Once kākāpō existed throughout New Zealand, and were one of our most common birds. Now they are one of our rarest.

Sirocco at a feeding station on Codfish Island. Photo: Don Merton
Sirocco at a feeding station on Codfish Island. Photo: Don Merton

There are only 126 kākāpō in the whole world - and they all have names. Some of them have funny names like Sinbad, Flossie, JEM, Smoko and Richard Henry.

Most kākāpō live on two small islands - Whenua Hou (Codfish island) which is South of Stewart Island, and Anchor Island which is in Dusky Sound, Fiordland. In 2012, nine kākāpō were moved to a new home on Hauturu/Little Barrier Island, near Auckland.

In 2014, one of the kākāpō who had been moved to Hauturu successfully raised a chick! Only two years after being moved to the island, this success made scientists very happy.

Unusual Habits

Our giant, nocturnal parrot has evolved some unusual habits that make it very special:


First off, they generally only breed in years when the rimu tree or kahikatea tree is fruiting (every 2-3 years). That’s so they can get super-fat, so that they can run around feeding their chicks.

When they breed it is quite a performance.

The male makes a special bowl, and then fills his chest pouch with air and then lets out an almighty ‘boom’. This boom carries for up to five kilometres, and attracts females from across the land.

The female will then watch him boom, and decide whether he would be a good mate. This type of mating is called 'lek mating' - it's when birds use an area to perform for courtship.

Trouble is, the male kākāpō isn’t a stay-at-home type - the female does all the work. She incubates the eggs and then when they’ve hatched she has to go and find food, leaving her chicks alone. This makes them an easy midnight snack for predators, such as rats, possums and stoats.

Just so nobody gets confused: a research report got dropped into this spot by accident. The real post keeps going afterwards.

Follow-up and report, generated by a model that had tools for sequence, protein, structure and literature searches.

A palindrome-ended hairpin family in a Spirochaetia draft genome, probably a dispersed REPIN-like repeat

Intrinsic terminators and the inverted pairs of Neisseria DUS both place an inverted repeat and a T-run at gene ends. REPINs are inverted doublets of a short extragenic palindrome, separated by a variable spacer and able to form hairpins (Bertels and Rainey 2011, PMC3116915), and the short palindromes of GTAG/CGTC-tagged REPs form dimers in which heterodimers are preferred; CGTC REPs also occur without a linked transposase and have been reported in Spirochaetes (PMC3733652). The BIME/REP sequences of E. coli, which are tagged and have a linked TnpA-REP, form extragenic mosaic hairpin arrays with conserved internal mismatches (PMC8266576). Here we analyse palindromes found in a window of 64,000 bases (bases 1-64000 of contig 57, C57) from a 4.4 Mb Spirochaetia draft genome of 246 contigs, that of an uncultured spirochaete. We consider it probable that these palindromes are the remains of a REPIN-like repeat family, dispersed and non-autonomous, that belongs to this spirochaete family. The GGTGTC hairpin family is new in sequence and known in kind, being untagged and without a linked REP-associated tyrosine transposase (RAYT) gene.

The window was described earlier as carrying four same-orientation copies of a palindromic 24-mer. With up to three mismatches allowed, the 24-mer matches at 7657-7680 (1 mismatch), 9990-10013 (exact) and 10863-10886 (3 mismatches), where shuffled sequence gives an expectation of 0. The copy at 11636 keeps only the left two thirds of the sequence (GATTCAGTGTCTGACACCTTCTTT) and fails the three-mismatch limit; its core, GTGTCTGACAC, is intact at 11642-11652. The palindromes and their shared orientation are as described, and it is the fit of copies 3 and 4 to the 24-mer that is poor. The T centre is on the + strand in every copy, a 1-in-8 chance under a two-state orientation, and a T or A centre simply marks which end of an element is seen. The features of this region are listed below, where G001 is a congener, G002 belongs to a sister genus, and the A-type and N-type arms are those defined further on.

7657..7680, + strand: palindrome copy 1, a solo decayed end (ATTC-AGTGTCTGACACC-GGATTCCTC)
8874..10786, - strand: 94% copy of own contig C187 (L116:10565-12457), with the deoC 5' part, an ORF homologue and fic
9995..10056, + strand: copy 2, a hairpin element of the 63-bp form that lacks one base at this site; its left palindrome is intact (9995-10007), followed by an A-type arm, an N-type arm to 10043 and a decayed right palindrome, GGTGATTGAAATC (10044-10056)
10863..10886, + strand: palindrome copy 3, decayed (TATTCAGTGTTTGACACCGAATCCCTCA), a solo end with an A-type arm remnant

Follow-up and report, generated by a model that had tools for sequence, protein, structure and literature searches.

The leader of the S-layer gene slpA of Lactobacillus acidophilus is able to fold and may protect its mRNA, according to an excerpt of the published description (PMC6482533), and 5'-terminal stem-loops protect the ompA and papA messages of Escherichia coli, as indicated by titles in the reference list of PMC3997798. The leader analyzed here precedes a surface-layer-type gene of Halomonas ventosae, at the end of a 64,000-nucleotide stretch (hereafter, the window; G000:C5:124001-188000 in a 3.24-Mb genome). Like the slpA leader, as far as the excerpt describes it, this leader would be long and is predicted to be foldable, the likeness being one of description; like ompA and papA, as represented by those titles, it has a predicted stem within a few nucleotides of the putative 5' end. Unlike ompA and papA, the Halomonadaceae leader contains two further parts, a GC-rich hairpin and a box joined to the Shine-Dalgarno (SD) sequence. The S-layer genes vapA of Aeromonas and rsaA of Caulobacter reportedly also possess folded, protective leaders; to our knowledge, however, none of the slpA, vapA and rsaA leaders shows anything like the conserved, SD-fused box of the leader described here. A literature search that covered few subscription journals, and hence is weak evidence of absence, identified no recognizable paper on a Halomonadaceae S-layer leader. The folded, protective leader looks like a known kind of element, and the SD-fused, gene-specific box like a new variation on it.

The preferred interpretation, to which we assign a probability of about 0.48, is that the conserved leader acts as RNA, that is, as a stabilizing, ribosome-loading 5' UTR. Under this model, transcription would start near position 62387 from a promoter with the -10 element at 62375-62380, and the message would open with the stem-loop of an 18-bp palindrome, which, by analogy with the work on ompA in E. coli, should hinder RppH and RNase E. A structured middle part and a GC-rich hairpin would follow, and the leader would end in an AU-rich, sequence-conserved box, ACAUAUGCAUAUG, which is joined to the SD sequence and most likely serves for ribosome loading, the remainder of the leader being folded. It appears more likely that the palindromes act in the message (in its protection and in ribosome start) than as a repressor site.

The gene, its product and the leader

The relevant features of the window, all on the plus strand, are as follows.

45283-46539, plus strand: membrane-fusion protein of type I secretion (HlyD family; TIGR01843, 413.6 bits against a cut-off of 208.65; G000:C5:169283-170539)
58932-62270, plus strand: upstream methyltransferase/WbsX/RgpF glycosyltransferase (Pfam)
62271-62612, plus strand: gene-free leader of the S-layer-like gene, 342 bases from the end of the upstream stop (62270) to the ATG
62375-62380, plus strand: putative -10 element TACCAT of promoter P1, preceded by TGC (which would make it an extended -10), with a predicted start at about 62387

Getting around

The kākāpō cannot fly! But they are very good climbers, and use their wings for balancing. On the ground, they sort of shuffle-hop about the forest floor.


Kākāpō are strict vegetarians. They eat the fruit of rimu, kahikatea and mingimingi, the seeds of manuka and leatherwood (Olearia colensoi) and various shoots. In summer and autumn they drink rata nectar, and in winter they eat sun orchid bulbs.

Sirocco, a very special kākāpō

One kākāpō is very special indeed - Sirocco. Sirocco was raised by humans, and this made him feel very happy around people - in fact, he prefers us to other kākāpō ! While it would be a disaster if all kākāpō felt this way, it is useful that Sirocco is so relaxed, because it means he has become a kakapo 'ambassador' traveling New Zealand, giving people an up-close kākāpō experience. (If you want a chance to meet Sirocco, you can look here to find out his travel schedule!)

KCC member Fynn Jackson is pretty happy to meet Sirocco! Photo: Mark Jackson

The kākāpō is the ...

• Heaviest parrot in the world.
• Only flightless parrot in the world!
• Only nocturnal parrot in the world!
• Only parrot where the male has inflatable thoracic sacs.
• Only parrot to have a lek mating system.

If there was a "Guinness Book of Bird Records", the kākāpō would be a star!

The kākāpō is a very special parrot…

  • It is related to our forest parrot, the kākā, and our mountain parrot, the kea. Apart from that it has no close relatives in the world!
  • The kākāpō lives to a mighty age for a bird, living to over 60 years old.
  • Kākāpō feathers are very soft and moss-green in colour, with some black on its back and yellow-green feathers on its belly.
  • The kākāpō is a good colour for hiding, but enemies can often find them because of their strong smell.
  • Unfortunately, the kakāpō was very yummy, and settlers used to eat it. Kākāpō were not only hunted, they also were effectively booted off their land, when their forests were replaced with grass, and later, cows and sheep.

How can I help?

  • Luckily, there are many people and organisations working to make sure kākāpō are around for a long time. Kākāpō Recovery is the main group helping kākāpō - and Forest & Bird is a major supporter. So, just by being a KCC member, you are helping kākāpō!
  • You can find out more about kākāpō , (including all 126 names!), on the Kākāpō Recovery website.